Inonotus Obliquus (Chaga)

Chaga Mushroom

Source of Information: Memorial Sloan Kettering Cancer Center, the oldest and largest private cancer center, located in New York, founded in 1884.


Scientific Name: Inonotus obliquus

Common Name: Cinder conk, birch conk, clinker polypore

 

 

 

 

 

 

 

 

 

How It Works

Bottom Line: Research is underway to determine the anticancer and immunostimulating effecs of chaga mushroom.

Chaga mushroom is found in Russia and has been used in traditional medicine. Studies show its constituents can kill cancer cells selectively and can stimulate the immune system. However, clinical trials are needed to verify chaga's safety and effectiveness as a cancer treatment in humans.

 

Purported Uses
  • To prevent and treat cancer
    Previous studies have shown that chaga can inhibit the progression of certain cancers and activate subsets of immune cells. Research is in progress to study its anticancer effects in humans.
  • To stimulate the immune system
    Chaga stimulated the activity of certain immune cells in laboratory-based experiments.
  • To reduce inflammation
    No scientific evidence supports this use.
  • To protect the liver
    No scientific evidence supports this use.

 

Research Evidence

Chaga has been shown to aid in treatment of certain cancers. More studies are being conducted to confirm its effects as an anticancer agent in humans.

 

Do Not Take If
  • You are using a “blood thinning” drug.
  • You are using medications to lower blood sugar (chaga may have additive effects).

 

Side Effects

No side effects have been reported.

 

Clinical Summary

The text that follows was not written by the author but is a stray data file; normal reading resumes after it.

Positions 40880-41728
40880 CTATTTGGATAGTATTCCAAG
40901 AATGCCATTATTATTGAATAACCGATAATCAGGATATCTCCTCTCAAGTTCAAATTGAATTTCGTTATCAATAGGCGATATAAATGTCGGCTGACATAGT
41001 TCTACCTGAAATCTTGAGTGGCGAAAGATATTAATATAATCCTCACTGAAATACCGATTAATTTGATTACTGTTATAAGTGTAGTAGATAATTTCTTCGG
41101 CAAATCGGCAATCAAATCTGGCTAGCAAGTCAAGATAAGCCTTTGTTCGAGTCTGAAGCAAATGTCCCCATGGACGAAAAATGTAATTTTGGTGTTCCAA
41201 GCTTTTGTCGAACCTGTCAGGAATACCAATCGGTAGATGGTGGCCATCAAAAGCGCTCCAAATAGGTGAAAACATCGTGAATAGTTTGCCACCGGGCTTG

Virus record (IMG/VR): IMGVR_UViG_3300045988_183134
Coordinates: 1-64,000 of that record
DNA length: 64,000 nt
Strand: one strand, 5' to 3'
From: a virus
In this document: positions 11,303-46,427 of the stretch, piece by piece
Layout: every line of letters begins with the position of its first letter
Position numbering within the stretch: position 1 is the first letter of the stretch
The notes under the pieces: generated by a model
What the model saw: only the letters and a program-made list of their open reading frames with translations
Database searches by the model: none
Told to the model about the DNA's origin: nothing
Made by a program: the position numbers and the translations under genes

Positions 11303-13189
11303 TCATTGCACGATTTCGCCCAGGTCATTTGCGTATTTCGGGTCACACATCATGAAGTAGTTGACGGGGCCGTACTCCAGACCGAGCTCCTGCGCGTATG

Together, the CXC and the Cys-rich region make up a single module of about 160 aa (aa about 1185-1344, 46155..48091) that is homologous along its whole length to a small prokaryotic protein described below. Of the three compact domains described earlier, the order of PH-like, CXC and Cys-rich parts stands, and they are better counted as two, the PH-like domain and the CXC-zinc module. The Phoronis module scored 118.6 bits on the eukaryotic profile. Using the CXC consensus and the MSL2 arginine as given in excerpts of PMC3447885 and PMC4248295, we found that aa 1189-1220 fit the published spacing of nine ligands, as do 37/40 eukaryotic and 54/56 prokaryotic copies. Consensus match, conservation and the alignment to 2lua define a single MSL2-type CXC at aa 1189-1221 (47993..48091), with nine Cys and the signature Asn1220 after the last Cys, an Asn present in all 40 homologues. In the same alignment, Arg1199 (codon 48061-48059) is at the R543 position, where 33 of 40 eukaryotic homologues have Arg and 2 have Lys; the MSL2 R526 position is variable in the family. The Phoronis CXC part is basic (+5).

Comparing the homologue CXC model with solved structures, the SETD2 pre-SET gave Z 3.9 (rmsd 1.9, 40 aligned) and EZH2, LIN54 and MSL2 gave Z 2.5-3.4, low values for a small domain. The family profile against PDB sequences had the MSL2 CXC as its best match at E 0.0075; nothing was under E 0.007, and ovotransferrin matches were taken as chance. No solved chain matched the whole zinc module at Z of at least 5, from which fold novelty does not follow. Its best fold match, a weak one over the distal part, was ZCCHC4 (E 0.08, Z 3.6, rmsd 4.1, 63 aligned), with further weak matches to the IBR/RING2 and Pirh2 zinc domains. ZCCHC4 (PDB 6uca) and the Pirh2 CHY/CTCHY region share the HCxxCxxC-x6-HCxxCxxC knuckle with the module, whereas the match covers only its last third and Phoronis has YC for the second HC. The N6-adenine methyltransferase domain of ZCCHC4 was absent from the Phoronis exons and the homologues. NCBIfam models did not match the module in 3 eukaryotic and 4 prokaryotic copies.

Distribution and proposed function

Chaga mushroom, found on Birch and other trees in cold climates, has been used in folk medicine in Russia and other North European countries for generations. Chaga draws nutrients from the tree on which it grows and extracts are typically derived from the inner layers of the bark. The active constituents are thought to be a combination of triterpenes, such as betulinic acid, sterols, and polysaccharides. Chaga has demonstrated anticancer, antiviral, antiplatelet (2), anti-inflammatory, analgesic (3), immune stimulating properties in vitro, and hypoglycemic effects in mice (4). Chaga extract has inhibitory and proapoptotic effects against colon cancer (5) and hepatoma (1) cells. It also reduced toxicity associated with radiation (6) and inhibited tumor cell growth in animal models (7). In some studies, Chaga demonstrates selective apoptosis in tumor cells with no effects on healthy cells (1).
No clinical trials have been conducted to assess chaga's safety and efficacy for disease prevention or for the treatment of cancer, cardiovascular disease, or diabetes.
Constituents of chaga mushroom extract may interact with anticoagulant and antidiabetic drugs.

 

Food Sources

Although chaga is an edible fungus, it is not commonly ingested due to its bitter nature. Tea can be made from the whole mushroom.

 

Purported Uses
  • Antiviral
  • Anti-inflammatory
  • Antimutagenic
  • Immunostimulation
  • Cancer treatment
  • Hepatoprotective

 

Constituents

Triterpenes: Inotodiol, Lanosterol, Ergosterol, Betulinic acid (Betulin) (10)

 

Mechanism of Action